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Market Structure

The market structure is the type of market in which a firm operates. It is useful to know this for a firm, so that it can evaluate its best strategy for pricing and how at what output to produce as well as how to maximise its profits. The different types of market structures are summarised in the table below.


Perfect Competition

Monopolistic Competition



Number of firms



A few


Freedom of entry



Medium barriers to entry

High barriers to entry

Firms influence on price

None (market controlled)



Firm is a price maker

Product Nature




No similar substitutes


At one end of the spectrum is perfect competition, firms are prices takers and perfect competition is said to be an ideal market structure, however some economists disagree with this. On the opposite end of the spectrum is monopolies. Firms here are prices takers and have more control over price setting than other types of market structures. Between these 2 points are monopolistic competition, which sways more towards the perfect competition side, and oligopolies which are closer to monopolies.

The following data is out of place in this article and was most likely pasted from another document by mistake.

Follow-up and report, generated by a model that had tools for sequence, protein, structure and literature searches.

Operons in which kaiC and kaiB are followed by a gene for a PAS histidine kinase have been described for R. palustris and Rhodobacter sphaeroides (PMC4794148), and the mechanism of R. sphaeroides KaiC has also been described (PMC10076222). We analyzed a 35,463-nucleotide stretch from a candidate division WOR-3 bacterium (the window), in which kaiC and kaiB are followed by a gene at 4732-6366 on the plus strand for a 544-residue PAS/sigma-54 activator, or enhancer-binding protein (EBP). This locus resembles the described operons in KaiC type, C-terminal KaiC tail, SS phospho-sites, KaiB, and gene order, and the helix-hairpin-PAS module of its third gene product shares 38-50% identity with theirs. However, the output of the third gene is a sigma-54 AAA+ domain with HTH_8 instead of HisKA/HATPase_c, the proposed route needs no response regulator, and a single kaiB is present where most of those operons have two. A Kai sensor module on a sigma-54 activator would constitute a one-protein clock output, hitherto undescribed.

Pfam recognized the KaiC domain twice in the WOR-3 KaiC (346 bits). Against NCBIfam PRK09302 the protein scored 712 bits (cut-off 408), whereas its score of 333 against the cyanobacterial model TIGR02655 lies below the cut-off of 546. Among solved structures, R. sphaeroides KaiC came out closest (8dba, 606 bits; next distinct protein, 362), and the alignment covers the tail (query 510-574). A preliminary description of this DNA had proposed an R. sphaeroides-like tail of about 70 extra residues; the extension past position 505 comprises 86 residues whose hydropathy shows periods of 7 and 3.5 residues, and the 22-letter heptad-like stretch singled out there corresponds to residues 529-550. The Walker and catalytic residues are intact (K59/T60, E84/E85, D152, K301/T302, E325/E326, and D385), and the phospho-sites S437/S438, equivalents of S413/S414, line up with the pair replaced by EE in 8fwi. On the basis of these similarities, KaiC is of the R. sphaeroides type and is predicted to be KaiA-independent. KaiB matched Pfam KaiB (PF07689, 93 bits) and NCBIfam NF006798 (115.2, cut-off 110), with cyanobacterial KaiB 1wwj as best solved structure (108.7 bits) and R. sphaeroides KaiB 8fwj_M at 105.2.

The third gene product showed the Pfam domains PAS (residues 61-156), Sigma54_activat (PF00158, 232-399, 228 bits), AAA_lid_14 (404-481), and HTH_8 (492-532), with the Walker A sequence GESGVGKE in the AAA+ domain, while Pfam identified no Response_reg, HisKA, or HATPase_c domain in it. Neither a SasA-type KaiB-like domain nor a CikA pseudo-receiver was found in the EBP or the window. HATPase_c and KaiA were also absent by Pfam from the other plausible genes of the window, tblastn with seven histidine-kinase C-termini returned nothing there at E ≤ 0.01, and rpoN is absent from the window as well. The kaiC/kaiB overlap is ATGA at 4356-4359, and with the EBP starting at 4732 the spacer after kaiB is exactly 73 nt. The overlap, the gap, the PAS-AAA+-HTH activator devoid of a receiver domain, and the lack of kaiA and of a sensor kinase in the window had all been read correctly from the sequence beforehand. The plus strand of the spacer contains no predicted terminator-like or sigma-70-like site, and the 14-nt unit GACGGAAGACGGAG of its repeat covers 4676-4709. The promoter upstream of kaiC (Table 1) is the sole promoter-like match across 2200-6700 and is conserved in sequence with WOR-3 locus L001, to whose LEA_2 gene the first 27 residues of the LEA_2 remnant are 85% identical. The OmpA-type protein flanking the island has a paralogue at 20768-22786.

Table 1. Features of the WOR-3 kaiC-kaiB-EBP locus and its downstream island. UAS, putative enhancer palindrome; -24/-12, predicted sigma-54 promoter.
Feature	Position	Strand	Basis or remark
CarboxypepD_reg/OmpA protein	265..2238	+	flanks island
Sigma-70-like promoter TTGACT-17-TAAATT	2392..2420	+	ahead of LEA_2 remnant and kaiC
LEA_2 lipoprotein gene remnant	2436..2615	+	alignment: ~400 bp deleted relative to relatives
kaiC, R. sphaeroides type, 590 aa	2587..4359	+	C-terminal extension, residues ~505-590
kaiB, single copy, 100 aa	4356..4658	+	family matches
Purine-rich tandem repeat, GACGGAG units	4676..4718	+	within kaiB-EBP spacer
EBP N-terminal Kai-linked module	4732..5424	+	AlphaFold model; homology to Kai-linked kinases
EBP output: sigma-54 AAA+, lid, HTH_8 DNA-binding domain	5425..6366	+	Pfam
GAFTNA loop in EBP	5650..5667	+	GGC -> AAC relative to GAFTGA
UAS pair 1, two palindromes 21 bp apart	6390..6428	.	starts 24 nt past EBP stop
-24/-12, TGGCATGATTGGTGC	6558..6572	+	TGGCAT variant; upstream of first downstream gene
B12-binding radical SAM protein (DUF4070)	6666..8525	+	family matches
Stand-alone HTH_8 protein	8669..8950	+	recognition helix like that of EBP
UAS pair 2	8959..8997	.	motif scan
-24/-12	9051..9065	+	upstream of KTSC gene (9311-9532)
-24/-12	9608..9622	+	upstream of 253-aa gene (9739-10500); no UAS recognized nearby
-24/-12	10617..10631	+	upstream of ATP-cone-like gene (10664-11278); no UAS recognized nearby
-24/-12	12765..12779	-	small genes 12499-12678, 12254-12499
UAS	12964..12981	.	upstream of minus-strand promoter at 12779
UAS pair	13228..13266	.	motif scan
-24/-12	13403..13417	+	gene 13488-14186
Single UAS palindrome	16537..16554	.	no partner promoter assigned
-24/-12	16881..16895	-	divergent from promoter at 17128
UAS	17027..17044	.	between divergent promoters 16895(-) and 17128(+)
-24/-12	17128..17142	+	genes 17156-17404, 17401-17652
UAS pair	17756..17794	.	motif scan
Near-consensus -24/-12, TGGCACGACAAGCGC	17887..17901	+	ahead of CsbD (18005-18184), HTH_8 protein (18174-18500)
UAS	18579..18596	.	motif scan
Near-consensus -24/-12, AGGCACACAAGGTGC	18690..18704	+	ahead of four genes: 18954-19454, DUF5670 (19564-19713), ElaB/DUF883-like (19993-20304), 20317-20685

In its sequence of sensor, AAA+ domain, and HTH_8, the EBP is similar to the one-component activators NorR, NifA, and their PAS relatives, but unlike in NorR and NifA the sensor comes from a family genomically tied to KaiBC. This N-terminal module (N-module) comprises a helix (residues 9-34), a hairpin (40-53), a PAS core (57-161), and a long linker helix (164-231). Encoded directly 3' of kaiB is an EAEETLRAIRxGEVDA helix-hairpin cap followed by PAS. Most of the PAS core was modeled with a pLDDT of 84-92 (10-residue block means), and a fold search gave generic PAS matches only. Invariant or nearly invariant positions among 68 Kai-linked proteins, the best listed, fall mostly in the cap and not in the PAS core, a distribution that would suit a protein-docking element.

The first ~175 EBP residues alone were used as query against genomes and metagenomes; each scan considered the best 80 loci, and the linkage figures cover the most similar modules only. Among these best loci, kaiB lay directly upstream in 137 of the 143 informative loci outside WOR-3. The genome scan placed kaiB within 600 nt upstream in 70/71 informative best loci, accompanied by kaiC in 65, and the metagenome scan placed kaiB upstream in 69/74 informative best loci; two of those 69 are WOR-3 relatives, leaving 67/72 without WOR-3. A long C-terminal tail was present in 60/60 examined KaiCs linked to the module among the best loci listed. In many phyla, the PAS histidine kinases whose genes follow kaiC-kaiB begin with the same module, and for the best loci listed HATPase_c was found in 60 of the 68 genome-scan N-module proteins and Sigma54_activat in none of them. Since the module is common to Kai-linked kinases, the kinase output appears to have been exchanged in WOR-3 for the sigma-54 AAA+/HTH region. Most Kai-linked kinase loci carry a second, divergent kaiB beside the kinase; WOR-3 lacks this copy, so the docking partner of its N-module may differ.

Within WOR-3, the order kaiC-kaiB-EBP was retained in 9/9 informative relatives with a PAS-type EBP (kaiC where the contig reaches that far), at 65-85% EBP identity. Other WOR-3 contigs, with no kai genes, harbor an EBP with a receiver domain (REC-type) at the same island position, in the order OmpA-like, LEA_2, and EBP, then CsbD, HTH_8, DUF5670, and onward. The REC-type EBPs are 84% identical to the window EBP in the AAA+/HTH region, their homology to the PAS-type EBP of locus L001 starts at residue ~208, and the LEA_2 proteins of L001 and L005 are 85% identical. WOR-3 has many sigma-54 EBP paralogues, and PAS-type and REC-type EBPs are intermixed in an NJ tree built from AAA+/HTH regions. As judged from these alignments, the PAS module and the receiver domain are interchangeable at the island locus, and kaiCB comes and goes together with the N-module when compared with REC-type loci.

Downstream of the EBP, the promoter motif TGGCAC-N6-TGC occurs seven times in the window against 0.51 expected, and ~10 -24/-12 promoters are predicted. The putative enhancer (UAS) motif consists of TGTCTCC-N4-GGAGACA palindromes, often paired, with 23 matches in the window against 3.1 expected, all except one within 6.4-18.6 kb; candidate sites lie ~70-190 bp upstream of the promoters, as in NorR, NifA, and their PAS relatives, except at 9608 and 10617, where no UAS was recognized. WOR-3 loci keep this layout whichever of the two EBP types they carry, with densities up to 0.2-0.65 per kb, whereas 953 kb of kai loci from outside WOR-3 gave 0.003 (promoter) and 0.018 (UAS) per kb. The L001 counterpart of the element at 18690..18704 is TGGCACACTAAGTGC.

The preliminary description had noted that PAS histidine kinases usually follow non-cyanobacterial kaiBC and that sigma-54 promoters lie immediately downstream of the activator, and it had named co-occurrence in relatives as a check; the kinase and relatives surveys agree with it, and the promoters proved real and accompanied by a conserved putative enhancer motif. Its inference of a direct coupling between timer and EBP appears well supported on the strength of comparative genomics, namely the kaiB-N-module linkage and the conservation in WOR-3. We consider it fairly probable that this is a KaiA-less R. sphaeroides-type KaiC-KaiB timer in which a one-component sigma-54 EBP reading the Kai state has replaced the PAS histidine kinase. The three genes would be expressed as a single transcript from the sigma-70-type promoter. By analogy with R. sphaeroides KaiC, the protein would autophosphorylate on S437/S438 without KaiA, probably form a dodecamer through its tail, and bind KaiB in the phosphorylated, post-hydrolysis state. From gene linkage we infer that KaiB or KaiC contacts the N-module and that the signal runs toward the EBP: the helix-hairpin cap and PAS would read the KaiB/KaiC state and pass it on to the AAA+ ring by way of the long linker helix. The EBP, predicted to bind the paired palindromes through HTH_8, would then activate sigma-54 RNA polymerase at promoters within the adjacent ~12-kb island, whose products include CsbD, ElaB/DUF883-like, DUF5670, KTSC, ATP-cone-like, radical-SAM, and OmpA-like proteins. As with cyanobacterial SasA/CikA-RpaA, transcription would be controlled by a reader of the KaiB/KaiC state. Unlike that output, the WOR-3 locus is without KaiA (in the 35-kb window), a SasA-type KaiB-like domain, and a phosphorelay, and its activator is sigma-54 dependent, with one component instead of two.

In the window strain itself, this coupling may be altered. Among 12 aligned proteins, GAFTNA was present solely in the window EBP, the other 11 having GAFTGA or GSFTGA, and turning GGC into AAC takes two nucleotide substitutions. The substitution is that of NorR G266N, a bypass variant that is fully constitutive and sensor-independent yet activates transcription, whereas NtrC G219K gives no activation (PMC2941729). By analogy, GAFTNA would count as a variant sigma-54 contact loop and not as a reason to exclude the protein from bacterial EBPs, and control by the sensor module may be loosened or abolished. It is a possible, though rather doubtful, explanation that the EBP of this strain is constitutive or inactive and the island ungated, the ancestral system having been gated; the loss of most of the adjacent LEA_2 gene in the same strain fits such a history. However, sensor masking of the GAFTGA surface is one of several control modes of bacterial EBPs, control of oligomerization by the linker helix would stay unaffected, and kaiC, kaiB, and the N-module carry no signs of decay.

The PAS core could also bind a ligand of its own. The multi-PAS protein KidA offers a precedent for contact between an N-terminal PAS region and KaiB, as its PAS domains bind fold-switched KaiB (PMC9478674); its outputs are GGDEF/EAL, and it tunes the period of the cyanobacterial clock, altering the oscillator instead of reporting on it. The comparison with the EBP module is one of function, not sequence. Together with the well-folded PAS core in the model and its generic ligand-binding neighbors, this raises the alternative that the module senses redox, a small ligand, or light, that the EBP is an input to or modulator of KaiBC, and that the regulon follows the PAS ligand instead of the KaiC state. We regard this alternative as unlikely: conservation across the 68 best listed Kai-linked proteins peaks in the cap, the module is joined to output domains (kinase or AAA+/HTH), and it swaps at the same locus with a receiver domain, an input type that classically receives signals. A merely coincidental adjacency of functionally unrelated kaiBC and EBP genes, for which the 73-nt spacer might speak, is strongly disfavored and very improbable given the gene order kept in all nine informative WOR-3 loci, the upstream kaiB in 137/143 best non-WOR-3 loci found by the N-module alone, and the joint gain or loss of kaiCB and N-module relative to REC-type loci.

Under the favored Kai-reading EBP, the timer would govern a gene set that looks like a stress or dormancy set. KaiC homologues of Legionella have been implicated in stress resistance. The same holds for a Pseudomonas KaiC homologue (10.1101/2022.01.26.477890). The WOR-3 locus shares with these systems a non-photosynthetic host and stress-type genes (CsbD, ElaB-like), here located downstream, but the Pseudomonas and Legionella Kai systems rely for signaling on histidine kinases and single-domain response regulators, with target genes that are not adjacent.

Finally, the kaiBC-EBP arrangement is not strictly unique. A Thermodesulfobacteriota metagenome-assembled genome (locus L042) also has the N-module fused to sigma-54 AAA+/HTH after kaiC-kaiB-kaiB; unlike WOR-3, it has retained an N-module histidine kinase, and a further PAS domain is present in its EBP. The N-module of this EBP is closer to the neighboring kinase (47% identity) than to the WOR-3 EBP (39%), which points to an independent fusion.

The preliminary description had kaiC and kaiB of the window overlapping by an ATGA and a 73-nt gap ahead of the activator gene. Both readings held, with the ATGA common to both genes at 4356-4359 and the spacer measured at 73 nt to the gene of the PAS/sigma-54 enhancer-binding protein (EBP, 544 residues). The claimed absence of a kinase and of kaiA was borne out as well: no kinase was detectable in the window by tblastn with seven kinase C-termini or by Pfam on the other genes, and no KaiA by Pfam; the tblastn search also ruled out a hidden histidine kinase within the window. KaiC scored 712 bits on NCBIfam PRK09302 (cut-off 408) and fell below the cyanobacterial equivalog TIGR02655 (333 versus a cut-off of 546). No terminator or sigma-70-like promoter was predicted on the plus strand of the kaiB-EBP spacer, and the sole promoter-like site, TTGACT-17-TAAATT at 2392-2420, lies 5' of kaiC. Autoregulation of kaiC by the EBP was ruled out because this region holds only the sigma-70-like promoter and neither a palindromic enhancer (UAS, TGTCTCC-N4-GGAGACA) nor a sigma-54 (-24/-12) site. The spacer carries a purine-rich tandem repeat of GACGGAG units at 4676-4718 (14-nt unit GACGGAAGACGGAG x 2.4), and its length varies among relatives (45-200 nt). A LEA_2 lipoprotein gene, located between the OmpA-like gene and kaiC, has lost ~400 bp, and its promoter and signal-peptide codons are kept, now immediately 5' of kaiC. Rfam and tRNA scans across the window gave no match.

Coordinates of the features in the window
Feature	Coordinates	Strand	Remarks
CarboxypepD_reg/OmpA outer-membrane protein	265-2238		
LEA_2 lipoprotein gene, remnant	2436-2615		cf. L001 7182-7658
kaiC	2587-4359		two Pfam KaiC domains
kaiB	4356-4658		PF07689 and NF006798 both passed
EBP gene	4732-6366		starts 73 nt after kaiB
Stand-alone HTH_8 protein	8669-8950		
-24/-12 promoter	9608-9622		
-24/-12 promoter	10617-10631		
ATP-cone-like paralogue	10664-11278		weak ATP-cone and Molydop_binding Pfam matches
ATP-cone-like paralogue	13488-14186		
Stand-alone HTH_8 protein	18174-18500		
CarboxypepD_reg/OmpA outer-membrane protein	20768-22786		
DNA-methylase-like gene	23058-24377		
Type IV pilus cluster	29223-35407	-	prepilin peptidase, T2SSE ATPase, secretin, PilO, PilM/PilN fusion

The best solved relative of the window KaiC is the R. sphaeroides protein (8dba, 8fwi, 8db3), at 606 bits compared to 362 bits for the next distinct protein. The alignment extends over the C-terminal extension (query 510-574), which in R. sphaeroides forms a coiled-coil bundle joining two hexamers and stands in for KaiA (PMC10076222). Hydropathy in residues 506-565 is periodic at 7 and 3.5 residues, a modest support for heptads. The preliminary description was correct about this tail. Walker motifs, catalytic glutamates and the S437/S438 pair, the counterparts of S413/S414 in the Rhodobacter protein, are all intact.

There are different levels of barriers to entry for firms wishing to enter certain markets depending on their market structure. These assumption and barriers are made below. It is also very hard to definitely say what type of structure a market is under. A market may, for example, have only one firm but yet have low barriers to entry. Therefore it isn’t always conclusive as to what market structure a firm is under, and different arguments can be put forward for this.

Page last updated on 20/10/13